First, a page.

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Landlords with a single property could be pushed into a higher tax bracket due to changes to mortgage interest relief.

The National Landlords Association (NLA) polled 754 landlords and found that 16% with a single property said they will move into a higher income tax bracket – a 7% increase from Q4 2016.

Changes to relief on finance costs on residential properties was brought in on 6 April 2017, restricting costs to the basic rate of income tax.

These include mortgage interest, interest on loans to buy furnishings and fees incurred when taking out or repaying mortgages.

This means that landlords will only be able to deduct a share of finance costs when calculating rental profits.

This is being phased in over 4 years:

Tax year Percentage of costs deducted from profits Percentage of costs available a basic rate reduction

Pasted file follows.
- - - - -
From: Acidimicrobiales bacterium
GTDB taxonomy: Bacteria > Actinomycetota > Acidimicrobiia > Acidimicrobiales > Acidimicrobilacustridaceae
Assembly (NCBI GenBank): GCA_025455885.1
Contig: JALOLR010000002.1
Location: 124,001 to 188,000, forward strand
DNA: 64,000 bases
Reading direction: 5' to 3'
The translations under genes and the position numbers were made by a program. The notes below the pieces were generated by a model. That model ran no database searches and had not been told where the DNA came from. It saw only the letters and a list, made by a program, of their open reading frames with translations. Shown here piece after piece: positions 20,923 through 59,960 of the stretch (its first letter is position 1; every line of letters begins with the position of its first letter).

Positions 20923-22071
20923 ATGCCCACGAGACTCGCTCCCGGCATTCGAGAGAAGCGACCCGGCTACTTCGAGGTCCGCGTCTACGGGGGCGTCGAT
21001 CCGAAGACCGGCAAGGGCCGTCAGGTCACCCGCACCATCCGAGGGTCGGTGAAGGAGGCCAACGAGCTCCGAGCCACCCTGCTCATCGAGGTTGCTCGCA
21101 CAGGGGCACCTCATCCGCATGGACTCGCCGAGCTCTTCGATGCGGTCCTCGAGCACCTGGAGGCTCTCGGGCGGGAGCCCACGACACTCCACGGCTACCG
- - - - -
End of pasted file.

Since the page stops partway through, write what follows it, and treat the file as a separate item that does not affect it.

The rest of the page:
2017/18 75% 25%
2018/19 50% 50%
2019/20 25% 75%
2020/21 0% 100%

NLA estimates that a landlord with a single property would need to increase rent by more than 11% to continue getting the same yield from the property. This equates to a rise of £116 per month for the average rental property. 

Richard Lambert, chief executive officer at the NLA, said:

“Single property landlords are responsible for providing a huge proportion of the UK’s private rented homes, and these findings show that, slowly, more and more are waking up to the fact their tax bills could be significantly higher in the coming years.”

Contact us today to discuss your tax obligations.